For the first time since its accession in 2004, Malta assumes the six-month rotating presidency of the EU on 1 January. During the first half of 2017, the UK is expected to invoke Article 50, while the Dutch and French are voting for new governments. Addressing the fear and inequality felt by Europeans who think that national responses on migration, security and the economy are more effective will be a top priority for the island country, the Maltese said.

Balancing act

If the EU succeeded in its fundamental principles, Borg conceded, mentioning half a century of peace, security and prosperity, a new sense of vision and in-built flexibility needs to be defined to help the project to withstand unprecedented challenges. On 3 February, Malta will host a summit to continue the discussion that started in Bratislava and pave the way towards building a new vision for the Union ahead of the 60th anniversary of the Treaty of Rome in March. “This should be a new momentum and a platform to rebuild trust in the EU project in a viable and sustainable way,” Borg added, insisting on a seriously fragile balance between flexibility “which should be too loose” andan intransigent rigidity that undermines the integration process.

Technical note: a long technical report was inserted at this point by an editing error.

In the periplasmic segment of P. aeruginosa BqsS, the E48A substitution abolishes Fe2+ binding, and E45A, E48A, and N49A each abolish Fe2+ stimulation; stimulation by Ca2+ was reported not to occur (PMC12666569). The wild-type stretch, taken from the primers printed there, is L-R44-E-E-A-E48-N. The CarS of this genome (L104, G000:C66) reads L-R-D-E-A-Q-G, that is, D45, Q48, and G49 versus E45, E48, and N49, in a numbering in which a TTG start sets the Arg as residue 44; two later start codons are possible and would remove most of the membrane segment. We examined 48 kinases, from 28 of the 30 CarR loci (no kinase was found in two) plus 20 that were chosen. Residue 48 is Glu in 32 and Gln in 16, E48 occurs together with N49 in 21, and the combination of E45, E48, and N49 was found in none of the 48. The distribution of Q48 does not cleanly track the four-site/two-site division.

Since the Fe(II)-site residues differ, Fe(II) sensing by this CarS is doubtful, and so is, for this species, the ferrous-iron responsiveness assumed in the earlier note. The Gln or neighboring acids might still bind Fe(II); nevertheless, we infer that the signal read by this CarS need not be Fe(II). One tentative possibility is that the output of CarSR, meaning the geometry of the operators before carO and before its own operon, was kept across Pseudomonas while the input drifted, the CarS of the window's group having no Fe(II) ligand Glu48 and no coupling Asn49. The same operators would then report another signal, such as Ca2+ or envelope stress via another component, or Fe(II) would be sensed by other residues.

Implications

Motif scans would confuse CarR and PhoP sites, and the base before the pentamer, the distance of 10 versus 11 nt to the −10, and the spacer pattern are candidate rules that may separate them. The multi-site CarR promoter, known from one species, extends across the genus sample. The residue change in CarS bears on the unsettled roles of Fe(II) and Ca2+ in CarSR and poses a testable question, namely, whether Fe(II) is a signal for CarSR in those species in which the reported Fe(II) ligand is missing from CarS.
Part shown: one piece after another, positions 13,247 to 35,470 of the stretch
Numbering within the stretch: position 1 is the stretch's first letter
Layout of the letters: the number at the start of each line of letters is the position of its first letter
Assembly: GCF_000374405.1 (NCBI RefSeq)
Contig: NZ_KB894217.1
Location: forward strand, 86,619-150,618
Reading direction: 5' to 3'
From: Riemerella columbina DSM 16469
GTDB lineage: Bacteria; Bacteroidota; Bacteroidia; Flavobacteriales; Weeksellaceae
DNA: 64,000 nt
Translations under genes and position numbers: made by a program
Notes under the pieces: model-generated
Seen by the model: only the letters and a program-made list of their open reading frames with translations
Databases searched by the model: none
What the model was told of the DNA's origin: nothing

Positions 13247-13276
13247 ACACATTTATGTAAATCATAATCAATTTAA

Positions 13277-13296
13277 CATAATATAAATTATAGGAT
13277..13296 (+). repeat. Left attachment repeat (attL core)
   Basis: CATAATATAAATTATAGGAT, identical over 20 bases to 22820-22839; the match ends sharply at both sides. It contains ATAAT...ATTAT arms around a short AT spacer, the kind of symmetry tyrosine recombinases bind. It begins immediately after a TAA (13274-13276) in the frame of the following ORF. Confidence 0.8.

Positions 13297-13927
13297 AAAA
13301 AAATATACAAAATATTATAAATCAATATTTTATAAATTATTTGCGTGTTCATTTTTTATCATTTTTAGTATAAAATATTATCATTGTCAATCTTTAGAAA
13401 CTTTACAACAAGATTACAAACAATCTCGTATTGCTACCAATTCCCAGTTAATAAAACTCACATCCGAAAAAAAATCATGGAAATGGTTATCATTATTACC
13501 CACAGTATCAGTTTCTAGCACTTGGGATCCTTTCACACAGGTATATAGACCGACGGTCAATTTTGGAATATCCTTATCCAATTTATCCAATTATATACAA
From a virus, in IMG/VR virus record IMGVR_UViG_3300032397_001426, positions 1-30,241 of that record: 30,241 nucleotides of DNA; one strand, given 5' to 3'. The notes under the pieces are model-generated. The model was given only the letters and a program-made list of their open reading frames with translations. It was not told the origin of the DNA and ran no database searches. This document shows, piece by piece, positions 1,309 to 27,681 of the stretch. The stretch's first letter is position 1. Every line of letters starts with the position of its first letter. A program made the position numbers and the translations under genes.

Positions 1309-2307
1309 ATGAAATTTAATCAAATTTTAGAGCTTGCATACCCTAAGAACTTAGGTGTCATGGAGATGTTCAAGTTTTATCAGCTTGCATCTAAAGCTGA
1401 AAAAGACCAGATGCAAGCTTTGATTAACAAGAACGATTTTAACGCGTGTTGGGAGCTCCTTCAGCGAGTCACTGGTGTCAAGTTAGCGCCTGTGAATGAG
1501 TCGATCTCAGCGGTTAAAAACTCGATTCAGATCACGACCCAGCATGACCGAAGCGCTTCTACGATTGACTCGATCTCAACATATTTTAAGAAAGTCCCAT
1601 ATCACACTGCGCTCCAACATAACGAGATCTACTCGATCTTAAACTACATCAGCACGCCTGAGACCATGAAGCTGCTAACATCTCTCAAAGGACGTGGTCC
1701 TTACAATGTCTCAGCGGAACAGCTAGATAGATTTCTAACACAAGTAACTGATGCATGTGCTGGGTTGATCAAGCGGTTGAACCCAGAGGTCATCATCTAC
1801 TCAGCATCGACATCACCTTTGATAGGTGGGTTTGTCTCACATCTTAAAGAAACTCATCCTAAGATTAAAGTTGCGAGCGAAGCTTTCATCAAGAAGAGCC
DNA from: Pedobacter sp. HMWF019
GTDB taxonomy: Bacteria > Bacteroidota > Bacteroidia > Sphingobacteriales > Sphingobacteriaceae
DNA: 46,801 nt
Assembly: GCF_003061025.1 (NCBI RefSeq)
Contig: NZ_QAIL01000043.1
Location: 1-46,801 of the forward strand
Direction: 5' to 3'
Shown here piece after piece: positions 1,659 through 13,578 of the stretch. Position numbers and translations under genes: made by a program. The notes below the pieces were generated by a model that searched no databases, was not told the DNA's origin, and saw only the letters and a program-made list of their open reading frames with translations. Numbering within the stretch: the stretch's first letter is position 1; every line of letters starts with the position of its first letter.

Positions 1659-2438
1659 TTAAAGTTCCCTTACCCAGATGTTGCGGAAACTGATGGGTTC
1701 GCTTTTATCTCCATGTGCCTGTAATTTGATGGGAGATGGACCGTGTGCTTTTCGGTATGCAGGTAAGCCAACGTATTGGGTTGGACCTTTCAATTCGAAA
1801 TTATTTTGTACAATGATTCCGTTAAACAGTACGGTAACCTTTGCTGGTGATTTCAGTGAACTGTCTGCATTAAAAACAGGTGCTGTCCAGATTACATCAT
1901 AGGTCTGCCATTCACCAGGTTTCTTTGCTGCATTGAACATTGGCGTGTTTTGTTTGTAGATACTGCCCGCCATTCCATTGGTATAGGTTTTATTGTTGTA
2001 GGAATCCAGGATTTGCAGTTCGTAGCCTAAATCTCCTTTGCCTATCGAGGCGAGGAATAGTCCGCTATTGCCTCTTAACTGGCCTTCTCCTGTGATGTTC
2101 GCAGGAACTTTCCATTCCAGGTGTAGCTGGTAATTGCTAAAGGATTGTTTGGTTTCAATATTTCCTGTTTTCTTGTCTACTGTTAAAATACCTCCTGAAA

Building bridges

After meeting European Commission President Jean-Claude Juncker, Maltese Prime Minister Joseph Muscat echoed the same discourse and argued that his government did not have any delusions of grandeur with respect to the presidency, and would be focusing on getting things done and making sure that Europe progresses on the issues that matter. “We are natural bridge builders, and we want to try and work out compromises that will allow us to move forward in the future,” said Muscat, stressing that the next six months will not be only about Brexit and migration. “There is a lot of other work that needs to be done to improve the livelihood of our people. We need to make what we say more understandable to people wherever they are from Vilnius to Valletta,” said Muscat.